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July 27, 2005

DMA Developers Add Multi-broker Payday

By Peter Chapman

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DMA Vendors say they're now responding to the buyside

(Traders Magazine, July 2005) -- Direct market access providers, bowing to buyside complaints, are making their technology multi-broker friendly.

To mollify buyside traders frustrated by the limitations of their DMA platforms, the vendors and brokers who supply the technology are scrambling to incorporate functionality that allows users to trade for the credit of more than one broker.

The trend could lead to fewer systems on buyside traders' desktops as traders remove unwanted programs and settle on one system to handle all their trading and payment needs.

"There is a huge request for this among the traditional asset managers," says Justin Brownhill, a senior executive with Lava Trading. "They feel it will take care of a host of their needs and relieve them of many burdens."

Buyside traders are complaining they must support too many direct market access platforms when only one is necessary. They want just one system to access trading venues and credit all of their brokers.

The issue becomes especially acute as buyside desks incorporate more low-touch DMA trading into their workflows. Currently, about one-third of their business is done via low-touch DMA, according to a recent survey. That figure is expected to grow.

"We do think our clients are going to try and consolidate the number of platforms on their desktops," says Adam Mazur, an executive with Goldman Sachs. "As they try to manage their commission rates down using a mix of high-touch and low-touch services, low-touch will make up a larger percentage. They will have no choice but to use those commissions to pay a number of their relationships across the Street."


Most buyside shops get their DMA platforms from a short-list of very large or specialized brokers. Very few actually pony up for vendor-built systems. The result is that many desks support more than one broker's system. And each system only allows them to trade for the benefit of the sponsoring broker.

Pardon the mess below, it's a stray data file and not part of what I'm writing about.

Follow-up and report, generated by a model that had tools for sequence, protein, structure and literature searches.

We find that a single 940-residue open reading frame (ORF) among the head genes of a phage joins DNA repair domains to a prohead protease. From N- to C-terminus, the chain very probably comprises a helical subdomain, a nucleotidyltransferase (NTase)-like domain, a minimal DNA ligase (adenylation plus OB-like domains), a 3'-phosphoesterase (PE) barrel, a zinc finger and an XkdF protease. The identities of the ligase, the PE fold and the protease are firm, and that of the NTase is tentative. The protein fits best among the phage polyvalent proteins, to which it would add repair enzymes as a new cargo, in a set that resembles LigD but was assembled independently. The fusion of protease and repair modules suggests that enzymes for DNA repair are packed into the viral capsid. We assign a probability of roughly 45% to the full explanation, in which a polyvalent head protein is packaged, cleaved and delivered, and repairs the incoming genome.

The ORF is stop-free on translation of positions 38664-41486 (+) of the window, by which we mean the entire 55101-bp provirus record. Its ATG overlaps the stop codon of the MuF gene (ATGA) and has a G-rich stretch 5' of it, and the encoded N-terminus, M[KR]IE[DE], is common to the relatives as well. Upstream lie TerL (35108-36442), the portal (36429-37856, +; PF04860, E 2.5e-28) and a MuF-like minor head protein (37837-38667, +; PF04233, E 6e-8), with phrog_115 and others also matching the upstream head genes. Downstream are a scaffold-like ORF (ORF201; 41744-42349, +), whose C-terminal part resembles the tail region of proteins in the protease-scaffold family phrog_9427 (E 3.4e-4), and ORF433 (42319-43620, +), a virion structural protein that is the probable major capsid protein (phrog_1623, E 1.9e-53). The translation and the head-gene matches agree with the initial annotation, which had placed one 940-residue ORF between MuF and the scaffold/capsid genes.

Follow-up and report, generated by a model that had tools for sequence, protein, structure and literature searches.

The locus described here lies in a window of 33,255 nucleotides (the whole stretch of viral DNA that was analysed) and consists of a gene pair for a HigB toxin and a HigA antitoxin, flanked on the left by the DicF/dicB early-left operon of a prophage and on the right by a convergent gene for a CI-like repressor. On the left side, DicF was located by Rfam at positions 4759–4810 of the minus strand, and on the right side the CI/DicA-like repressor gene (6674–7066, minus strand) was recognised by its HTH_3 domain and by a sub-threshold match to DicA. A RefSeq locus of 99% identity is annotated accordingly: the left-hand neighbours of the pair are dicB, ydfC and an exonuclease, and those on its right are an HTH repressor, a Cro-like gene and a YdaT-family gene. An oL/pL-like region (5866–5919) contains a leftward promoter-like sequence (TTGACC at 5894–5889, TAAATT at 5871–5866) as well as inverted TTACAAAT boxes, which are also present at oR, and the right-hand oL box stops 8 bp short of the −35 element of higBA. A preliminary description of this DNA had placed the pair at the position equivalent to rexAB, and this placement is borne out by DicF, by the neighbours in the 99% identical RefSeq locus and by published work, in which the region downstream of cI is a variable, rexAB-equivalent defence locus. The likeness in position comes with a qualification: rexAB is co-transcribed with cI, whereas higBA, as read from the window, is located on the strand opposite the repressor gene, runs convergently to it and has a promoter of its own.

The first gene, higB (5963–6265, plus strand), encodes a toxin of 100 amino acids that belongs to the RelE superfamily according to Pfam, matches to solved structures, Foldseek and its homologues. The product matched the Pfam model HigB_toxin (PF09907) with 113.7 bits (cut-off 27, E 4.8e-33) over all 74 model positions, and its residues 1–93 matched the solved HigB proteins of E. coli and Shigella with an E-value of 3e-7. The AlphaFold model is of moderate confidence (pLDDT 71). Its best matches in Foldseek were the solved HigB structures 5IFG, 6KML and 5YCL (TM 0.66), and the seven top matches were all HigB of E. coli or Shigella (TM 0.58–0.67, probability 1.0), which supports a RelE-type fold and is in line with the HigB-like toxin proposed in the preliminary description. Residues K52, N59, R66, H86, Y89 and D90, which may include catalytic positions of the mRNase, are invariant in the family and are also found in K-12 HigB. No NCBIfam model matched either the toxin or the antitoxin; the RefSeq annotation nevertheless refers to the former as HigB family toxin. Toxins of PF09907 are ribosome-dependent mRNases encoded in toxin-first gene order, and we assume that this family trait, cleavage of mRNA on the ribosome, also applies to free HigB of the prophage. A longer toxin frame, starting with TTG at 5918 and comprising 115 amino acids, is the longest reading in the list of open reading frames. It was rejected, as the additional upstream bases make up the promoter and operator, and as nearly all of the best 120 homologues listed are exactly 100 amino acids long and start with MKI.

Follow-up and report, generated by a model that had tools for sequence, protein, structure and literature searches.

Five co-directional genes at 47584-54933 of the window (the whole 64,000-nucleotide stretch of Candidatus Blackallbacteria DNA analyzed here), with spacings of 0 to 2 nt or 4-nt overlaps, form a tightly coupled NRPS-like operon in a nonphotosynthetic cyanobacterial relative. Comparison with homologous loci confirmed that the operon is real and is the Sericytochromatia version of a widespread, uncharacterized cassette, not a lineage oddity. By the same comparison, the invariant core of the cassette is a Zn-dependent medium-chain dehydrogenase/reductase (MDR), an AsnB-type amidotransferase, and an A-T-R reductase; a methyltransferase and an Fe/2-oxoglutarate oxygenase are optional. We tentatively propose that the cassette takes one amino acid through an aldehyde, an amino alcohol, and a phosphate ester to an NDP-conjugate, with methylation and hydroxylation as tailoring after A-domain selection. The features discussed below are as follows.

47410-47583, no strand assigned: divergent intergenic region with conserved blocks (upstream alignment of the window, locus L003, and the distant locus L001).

"There's a huge request for Multi-broker."

Justin Brownhill, Lava Trading

Bulge bracket firms such as Morgan Stanley, Goldman Sachs and Merrill Lynch, for example, "sponsor" their own or vendor-built platforms for favored clients. In return, they get their order flow. Execution houses such as Instinet, ITG, BNY Brokerage and UNX do the same.

The benefit of such an arrangement for the buyside trader is that he gets a system at a price he can afford. The downside is that he must often install multiple systems from multiple brokers in order to satisfy his commission commitments to those brokers.

In other words, traders have not been able to trade on and pay all of their brokers with one system. They have had to jump to a different system each time they needed to trade for a different broker.

Until recently, for example, traders using Goldman Sachs' REDIPlus platform could only trade through that system for the benefit of Goldman. If they wanted to do a trade for the benefit of some other broker, they were out of luck. If that other broker was, say, Morgan Stanley, though, and they had Morgan Stanley's Passport system on their desktop, they might do the trade in Passport.